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A hudna (from the Arabic هدنة meaning "calm" or "quiet") is a truce or armistice. It is sometimes translated as "cease-fire". In his medieval dictionary of classical Arabic, the Lisan al-Arab, Ibn Manzur defined it as:
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the Israeli–Palestinian conflict
In English, the term is most frequently used in reference to a ceasefire agreement in the Israeli–Palestinian conflict, particularly one that would involve organizations such as Hamas. The concept of hudna was first introduced by Yasser Arafat in a secretly recorded 1994 speech in a Johannesburg mosque, where he repeatedly belittled the Oslo Accords as a mere "hudna", and cited the precedent set by Muhammad with the tribe of Quraish to back his position. The concept was also proposed to reduce violence in the conflict between Israel and the Palestinians by a Queen's University Belfast Professor in the period of 1999–2003 as a result of protracted negotiations with the Hamas leadership in the Gaza Strip, West Bank and abroad in countries like Lebanon and Syria. Some others claim that Israeli businessman Eyal Erlich in 2001, after seeing a hudna being declared in order to calm a feud in Jordan (cf. Haaretz, January 2, 2002); introduced the idea, unsuccessfully, that Israel should suggest a mutual hudna as a prelude to a more lasting peace.
Despite the Israeli government's rejection of the idea, in summer 2003—following many years of negotiation and facilitation from European advisors and diplomats along with pressure from Abu Mazen and Egypt—Hamas and Islamic Jihad unilaterally declared a 45-day ceasefire, or hudna. Its proponents commonly argued that such a cease-fire would allow for important violence reduction and act as a confidence-building measure to make further conflict resolution and peace negotiations possible; its opponents commonly argued that it would be a mere tactical maneuver enabling Palestinian groups to re-group and muster their strength in preparation for further attacks on Israelis, or Israel to continue expanding settlements, blockading Palestinian towns, and arresting members of such groups. The hudna started on June 29, 2003.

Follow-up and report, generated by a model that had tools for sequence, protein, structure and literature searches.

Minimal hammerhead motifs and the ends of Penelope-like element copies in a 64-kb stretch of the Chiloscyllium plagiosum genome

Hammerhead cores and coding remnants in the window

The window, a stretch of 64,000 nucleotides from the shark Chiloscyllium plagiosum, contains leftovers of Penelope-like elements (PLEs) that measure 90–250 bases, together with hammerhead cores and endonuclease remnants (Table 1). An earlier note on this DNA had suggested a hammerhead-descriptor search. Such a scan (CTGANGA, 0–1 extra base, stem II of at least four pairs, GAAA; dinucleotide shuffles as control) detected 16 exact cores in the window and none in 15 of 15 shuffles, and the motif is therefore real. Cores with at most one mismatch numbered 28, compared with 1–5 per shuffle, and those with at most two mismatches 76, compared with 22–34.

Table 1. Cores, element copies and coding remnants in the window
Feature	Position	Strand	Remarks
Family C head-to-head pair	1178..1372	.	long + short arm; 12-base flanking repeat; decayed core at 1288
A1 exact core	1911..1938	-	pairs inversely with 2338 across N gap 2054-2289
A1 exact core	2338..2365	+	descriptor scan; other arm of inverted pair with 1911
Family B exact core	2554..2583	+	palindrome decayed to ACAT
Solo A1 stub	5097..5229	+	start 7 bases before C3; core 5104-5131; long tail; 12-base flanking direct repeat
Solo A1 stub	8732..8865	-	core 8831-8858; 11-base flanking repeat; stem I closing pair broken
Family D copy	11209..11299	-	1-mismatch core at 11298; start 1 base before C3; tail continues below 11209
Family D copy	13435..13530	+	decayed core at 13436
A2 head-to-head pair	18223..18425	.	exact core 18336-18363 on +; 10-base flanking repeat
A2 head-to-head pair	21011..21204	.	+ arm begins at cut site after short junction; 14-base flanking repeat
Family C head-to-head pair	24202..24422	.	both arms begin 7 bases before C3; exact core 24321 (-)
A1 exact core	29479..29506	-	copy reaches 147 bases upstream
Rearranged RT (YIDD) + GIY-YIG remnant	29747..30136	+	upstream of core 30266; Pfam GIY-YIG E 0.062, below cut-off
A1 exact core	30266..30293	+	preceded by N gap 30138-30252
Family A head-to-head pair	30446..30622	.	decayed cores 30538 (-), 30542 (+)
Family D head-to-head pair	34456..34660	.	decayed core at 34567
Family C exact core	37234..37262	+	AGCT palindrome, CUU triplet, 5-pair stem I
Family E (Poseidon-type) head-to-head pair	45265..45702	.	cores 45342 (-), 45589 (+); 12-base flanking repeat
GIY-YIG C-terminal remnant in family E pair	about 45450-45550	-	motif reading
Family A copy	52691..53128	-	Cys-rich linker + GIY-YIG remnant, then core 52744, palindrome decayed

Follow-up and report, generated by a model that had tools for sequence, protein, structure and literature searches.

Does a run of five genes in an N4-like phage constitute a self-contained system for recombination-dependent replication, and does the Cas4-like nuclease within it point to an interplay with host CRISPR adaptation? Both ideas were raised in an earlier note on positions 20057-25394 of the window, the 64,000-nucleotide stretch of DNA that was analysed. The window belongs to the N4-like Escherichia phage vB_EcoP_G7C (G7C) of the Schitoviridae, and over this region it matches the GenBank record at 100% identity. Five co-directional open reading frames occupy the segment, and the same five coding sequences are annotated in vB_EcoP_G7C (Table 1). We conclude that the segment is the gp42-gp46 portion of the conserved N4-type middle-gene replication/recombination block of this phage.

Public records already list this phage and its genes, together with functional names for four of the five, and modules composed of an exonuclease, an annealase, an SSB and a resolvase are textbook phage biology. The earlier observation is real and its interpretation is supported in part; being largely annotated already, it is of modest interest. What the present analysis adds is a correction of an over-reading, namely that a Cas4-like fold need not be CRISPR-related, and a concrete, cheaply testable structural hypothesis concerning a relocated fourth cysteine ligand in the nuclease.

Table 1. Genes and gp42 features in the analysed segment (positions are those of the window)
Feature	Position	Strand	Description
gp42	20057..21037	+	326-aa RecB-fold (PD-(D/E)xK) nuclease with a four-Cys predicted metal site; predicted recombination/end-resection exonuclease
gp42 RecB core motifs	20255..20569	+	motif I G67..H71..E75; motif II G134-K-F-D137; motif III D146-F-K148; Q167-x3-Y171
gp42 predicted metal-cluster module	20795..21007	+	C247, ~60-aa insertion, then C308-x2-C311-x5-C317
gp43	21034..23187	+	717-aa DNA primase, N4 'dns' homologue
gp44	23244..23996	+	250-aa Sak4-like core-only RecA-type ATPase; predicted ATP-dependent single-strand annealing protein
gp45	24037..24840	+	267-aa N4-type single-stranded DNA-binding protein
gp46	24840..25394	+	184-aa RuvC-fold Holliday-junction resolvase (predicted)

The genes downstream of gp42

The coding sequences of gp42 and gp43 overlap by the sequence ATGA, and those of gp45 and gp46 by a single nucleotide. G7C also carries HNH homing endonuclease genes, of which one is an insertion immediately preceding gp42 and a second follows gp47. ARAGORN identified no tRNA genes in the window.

In an IDF operation to arrest Hamas militants, a gunfight broke out in which an Israeli soldier and two alleged Hamas militants were killed. Hamas responded with a suicide bombing on August 12, killing one Israeli civilian. Fatah claimed responsibility for a second suicide bombing on August 12 that killed another Israeli citizen. Despite this de facto violation of the hudna, Hamas stated that the cease-fire would continue. Hostilities then escalated: the Israeli army killed Islamic Jihad's Muhammad Seeder on August 14; the Jerusalem bus 2 massacre by Hamas and Islamic Jihad on August 19 killed 23 and wounded 136 people; and Israeli forces killed Hamas's Ismail Abu Shanab on August 21. After the killing of the two high-ranking leaders, Hamas eventually called off the hudna.
In January 2004, senior Hamas leader Abdel Aziz al-Rantissi offered a 10-year hudna in return for complete withdrawal from all territories captured in the Six-Day War, the establishment of a Palestinian state in the West Bank and Gaza, and the unlimited "right of return" for all Palestinian refugees into Israel. Rantissi gave interviews with European reporters and said the hudna was limited to ten years and represented a decision by the movement because it was "difficult to liberate all our land at this stage; the hudna would however not signal a recognition of the state of Israel." Hamas later repudiated the offer when mentioning it to Arabic media outlets, saying they would never compromise with Israel and would keep fighting until their goals were met; Israel ignored Hamas' posturing since the demand for a Palestinian "right of return" was not going to be granted under any circumstances. Ian Lustick tried in 2010 to revive the hudna notion in an article posted on the Forbes website where he said Israel needed to negotiate with Hamas, but Lustick misrepresented the terms of the hudna, first by claiming it was supposed to last for a generation (25 years) and by presenting it as a comparative model for the relationship that Israeli Arabs have with Israel's Jewish majority, which left out the specifics of the plan wherein Israel would be replaced by a Muslim-majority "Palestine" under its implementation (a concept Lustick would write in support of for the New York Times in 2013).